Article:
of the engagement". The battlecruiser was an adaption of this concept to the new context created by Dreadnought, and it worked well. While the British battlecruisers suffered losses at Jutland, they did manage to prevent the Germans from scouting effectively. By preventing Hipper from clearing off the British light cruisers, they also allowed Goodenough to locate Scheer, letting Jellicoe cross Scheer's T. The losses suffered by the British battlecruisers were caused by poor ammunition procedures rather than by any failure inherent to their designs, and as such I think it's fair to say that Jutland showed that the battlecruiser concept worked well. Fast battleships could perform the fast wing part of the battlecruiser role, but could not effectively win the scouting battle because they were too slow, as were existing cruisers. A direct 'dreadnought armoured cruiser', like Blucher, could do it, but, as Dogger Bank showed, couldn't compete against a battlecruiser. This is why the USN wanted battlecruisers, why they put so much effort into the Lexingtons, and why USN wargames showed that the RN battlefleet had an advantage.
     
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  11. Derek Pullem Butterfly Killer

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    The scouting battle was an anachronism that never really resulted in any significant gains for the scouts. Lighter vessels and later on Zeppelins and aircraft (and eventually radar) would make it redundant.

    It is enlightening to realise your examples of the perceived wisdom from wargames are prior to the deployment of large numbers of torpedo boats and submarines - both of which would make pursuing an enemy fleet very dangerous.

    Jellicoe's crossing of Scheer's "T" was due mostly to a strategic failure in German intelligence and a strategic success in British intelligence - it wasn't down to the battlecruiser squadron's eyes. Scheer never expected them to sortie in time. The British battlecruisers were too busy pretending to be battleships and failing.
     
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  12. steamboy Well-Known Member

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    With the technology of the time it made sense. If you could deny the enemy the spotting of your fleet and formation whilst being able to do the same for your fleet then it had HUGE strategic and tactical implications. One of Jutland's effects was that with so many of their light cruisers sunk at Jutland, the German fleet largely lost its 'eyes' and would have been out numbered by RN cruisers.

    In a pre radar or reliable air flight era, the battle between scouts could swing a battle one way or the other when the main fleets clash.
     
  13. Derek Pullem Butterfly Killer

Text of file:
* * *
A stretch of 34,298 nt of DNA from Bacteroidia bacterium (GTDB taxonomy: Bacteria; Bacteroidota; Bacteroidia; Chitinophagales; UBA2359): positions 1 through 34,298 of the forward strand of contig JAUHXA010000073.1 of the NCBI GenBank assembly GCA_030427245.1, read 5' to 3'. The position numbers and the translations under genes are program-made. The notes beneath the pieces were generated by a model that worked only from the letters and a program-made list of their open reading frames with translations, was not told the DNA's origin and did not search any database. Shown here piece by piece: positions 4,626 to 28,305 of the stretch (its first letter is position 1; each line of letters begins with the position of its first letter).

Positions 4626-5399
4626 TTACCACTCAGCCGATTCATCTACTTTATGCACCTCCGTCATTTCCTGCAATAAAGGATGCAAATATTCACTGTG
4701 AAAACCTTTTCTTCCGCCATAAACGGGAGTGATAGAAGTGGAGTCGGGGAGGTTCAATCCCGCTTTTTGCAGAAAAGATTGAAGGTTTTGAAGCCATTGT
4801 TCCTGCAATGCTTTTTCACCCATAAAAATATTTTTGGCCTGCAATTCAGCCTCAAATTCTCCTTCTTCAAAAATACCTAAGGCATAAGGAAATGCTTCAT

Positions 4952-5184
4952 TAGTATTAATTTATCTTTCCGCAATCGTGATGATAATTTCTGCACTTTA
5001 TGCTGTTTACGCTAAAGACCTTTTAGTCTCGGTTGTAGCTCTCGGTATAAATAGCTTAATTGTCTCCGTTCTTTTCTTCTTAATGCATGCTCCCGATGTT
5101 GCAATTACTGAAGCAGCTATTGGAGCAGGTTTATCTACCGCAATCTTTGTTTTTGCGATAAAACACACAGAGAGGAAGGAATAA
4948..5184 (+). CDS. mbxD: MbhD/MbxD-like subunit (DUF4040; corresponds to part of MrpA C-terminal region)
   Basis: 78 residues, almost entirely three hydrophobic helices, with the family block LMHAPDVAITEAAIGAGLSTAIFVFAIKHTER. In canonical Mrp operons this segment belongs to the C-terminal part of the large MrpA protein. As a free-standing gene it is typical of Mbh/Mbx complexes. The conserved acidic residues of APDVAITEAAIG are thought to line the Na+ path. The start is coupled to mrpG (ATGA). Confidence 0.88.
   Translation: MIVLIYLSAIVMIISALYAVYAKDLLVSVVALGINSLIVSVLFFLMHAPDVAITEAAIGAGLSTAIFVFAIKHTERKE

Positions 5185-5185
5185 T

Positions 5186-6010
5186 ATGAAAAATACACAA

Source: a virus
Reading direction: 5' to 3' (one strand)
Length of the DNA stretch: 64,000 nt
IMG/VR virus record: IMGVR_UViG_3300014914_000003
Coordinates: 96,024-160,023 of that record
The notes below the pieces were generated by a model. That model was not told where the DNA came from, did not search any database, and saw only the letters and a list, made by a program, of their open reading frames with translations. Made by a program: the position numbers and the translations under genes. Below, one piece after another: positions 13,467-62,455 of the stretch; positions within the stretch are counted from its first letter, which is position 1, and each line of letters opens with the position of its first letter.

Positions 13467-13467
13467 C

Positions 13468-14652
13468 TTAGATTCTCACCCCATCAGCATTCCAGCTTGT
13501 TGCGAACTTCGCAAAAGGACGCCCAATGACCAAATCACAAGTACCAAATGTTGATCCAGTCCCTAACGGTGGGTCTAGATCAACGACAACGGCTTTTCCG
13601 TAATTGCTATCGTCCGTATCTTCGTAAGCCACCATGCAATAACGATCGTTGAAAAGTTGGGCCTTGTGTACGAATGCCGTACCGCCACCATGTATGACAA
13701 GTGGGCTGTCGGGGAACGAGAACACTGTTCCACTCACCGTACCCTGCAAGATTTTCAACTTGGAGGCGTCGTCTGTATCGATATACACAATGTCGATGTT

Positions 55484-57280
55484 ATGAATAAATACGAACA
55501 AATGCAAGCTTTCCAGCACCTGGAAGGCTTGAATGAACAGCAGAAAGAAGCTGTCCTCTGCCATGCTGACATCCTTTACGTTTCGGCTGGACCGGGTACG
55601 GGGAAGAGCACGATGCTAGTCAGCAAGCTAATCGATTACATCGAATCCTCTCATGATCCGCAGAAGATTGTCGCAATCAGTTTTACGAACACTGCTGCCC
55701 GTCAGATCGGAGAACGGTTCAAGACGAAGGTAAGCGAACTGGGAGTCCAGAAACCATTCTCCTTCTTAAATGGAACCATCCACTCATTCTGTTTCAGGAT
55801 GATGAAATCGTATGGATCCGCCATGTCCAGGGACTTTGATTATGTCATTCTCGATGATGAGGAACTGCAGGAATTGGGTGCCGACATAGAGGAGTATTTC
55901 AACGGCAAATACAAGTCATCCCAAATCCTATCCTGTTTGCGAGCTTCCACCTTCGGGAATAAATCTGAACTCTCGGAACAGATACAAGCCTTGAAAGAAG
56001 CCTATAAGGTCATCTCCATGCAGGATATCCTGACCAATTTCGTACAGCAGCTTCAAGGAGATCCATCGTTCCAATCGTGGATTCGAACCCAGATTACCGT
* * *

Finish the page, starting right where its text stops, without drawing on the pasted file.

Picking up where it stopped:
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    Ignoring the 8 armoured cruisers the RN fleet still had a 2.5:1 advantage in light cruisers prior to the battle. The KM light cruiser losses were in the most part not down to the battlecruisers but accidents and other RN light forces.
     
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  14. fourthmaninaboat Well-Known Member

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    This is true to some extent; aircraft and radar did make the scouting battle irrelevant. But effective scouting aircraft and radar were a good 20-30 years in the future when the battlecruiser was designed. We don't have that many examples of fleet actions from the relevant period - it's basically just Jutland and Tsushima. At Tsushima, the Russians did not attempt to fight a scouting action, and hence had their T crossed. At Jutland, the Germans lost the scouting action, and hence had their T crossed.

    Submarines in this period were too slow to effectively participate in fleet actions, and this was generally recognised by all the major navies in WWI. Most navies investigated the concept of a submarine capable of operating with the fleet, with all failing to produce such a craft; the closest were the British K class we've discussed elsewhere. The quotes I used came from 1893 and 1901; in the former, I'll admit torpedo boats were scarce, but in 1901, torpedo-carrying craft were common. By 1901, the RN had commissioned some 108 destroyers and ~150 torpedo boats. This still didn't change the wisdom of the time. Note that the Japanese used their armoured cruisers in the battleline at Tsushima. The Queen Elizabeth class were intended to complement the battlecruisers in forming a fast wing, to perform the same role with the fleet, including pursuing a retreating enemy.


    Strategic intelligence could let commanders know whether or not the enemy was out, but it couldn't give the detailed information needed to cross the enemy's T; that had to come from tactical intelligence gained by scouting. Scouting could also counteract failures of strategic intelligence. While Scheer didn't know Jellicoe was out, he could have found out if his light cruisers had been allowed to scout. Similarly, while Jellicoe knew Scheer was out, he did not know Scheer's location or course, both of which he needed to know to cross Scheer's T. He was only able to find these out through scouting from Goodenough's light cruisers; these were only able to do their jobs because Hipper's battlecruisers were being pushed back by Beatty's. Beatty's battlecruisers never tried to be battleships. They pursued Hipper's battlecruisers, then, once they encountered Scheer's fleet, withdrew towards Jellicoe, pursued by both Hipper and Scheer. Hood's squadron screened Beatty's withdrawal towards Jellicoe and prevented German light cruisers scouting Jellicoe's force.